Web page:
sudo bin/kafka-topics.sh --create --bootstrap-server localhost:9092,localhost:9093,localhost:9094 --replication-factor 3 --partitions 3 --topic TestTopic
We created a topic (topic) with 3 partitions on 3 servers and duplicated all partitions on each server (replication factor).
You can find out information about a topic with the following command:
bin/kafka-topics.sh --describe --topic TestTopic --bootstrap-server localhost:9094
- Leader - server with the main instance of the partition
- replica - server on which information is duplicated
- ISR - servers that take on the role of leaders in case of leader failure
Testing the fault tolerance of the Apache Kafka cluster:
First, let's create console producers and consumers:
sudo bin/kafka-console-producer.sh --broker-list localhost:9092,localhost:9093,localhost:9094 --topic TestTopic sudo bin/kafka-console-consumer.sh --bootstrap-server localhost:9092,localhost:9093,localhost:9094 --from-beginning --topic TestTopic
On the right is the producer who sends the message, on the left - consumer who reads.
Let's stop one of the kafka nodes (kafka_server_1):
We see that the Leader and Isr parameters have changed. For Partition: 1 the leader changed from the first broker with id=0 to the second with id=1, as well as must be according to the Isr parameter.
Let's try to write a message after the first broker stops:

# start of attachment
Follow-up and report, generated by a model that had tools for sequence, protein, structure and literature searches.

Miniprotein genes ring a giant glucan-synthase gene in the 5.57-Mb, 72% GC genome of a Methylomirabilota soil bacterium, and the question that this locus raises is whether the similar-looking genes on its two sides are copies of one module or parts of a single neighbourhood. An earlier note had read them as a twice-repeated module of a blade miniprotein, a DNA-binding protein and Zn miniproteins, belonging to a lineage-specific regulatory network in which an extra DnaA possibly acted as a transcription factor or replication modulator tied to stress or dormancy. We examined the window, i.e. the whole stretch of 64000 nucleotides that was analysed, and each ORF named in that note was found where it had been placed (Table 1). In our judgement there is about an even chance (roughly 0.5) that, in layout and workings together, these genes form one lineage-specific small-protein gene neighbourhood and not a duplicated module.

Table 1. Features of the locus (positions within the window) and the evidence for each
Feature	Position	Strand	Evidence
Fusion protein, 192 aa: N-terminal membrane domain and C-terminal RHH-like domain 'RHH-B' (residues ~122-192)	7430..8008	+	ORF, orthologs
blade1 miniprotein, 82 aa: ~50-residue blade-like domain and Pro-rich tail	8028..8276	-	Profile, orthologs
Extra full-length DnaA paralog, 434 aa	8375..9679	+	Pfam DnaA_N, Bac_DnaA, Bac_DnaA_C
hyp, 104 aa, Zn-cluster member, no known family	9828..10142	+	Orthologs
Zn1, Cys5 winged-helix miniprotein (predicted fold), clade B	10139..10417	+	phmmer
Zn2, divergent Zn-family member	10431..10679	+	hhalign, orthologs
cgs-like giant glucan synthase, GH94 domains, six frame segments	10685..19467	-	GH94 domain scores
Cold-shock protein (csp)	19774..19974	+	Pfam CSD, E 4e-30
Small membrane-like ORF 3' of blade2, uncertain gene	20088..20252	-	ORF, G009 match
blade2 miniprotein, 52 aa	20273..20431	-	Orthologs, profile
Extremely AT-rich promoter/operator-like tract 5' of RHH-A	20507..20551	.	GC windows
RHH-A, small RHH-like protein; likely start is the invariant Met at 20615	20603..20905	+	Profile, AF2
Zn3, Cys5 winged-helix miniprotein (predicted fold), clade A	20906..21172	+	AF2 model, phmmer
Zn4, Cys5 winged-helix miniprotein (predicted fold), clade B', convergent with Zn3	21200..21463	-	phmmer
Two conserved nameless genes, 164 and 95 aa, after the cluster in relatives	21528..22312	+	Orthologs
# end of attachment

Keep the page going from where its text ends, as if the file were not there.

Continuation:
We see that the message has arrived.
Let's stop one of the kafka nodes (kafka_server_1):
Since there is only one broker left to work, accordingly he become a leader for all parties.
Let's try to write a new message:
We see that this time too, the message got through. Thus we observe Kafka cluster fault tolerance.
Analysis of Apache Kafka data structure in practice
Let's create a new topic with 3 ports and 3 replicas on 3
brokers to make the recording uniform across all partitions from one
consumer needs to add the RoundRobin class to
There are 3 directories created in the kafka broker log directories:
We have created three partitions in the topic, and each has its own directory in file system on each broker. In leader-epoch-checkpoint information about the current epochal number of the leader and his identifier, as well as information about the last applied and sent journal entries for each leader. This is used to control repeat operations and reorder records in case of emergency or change of leader. In partition.metadata contain information about each topic partition in the Kafka cluster. They include the following information: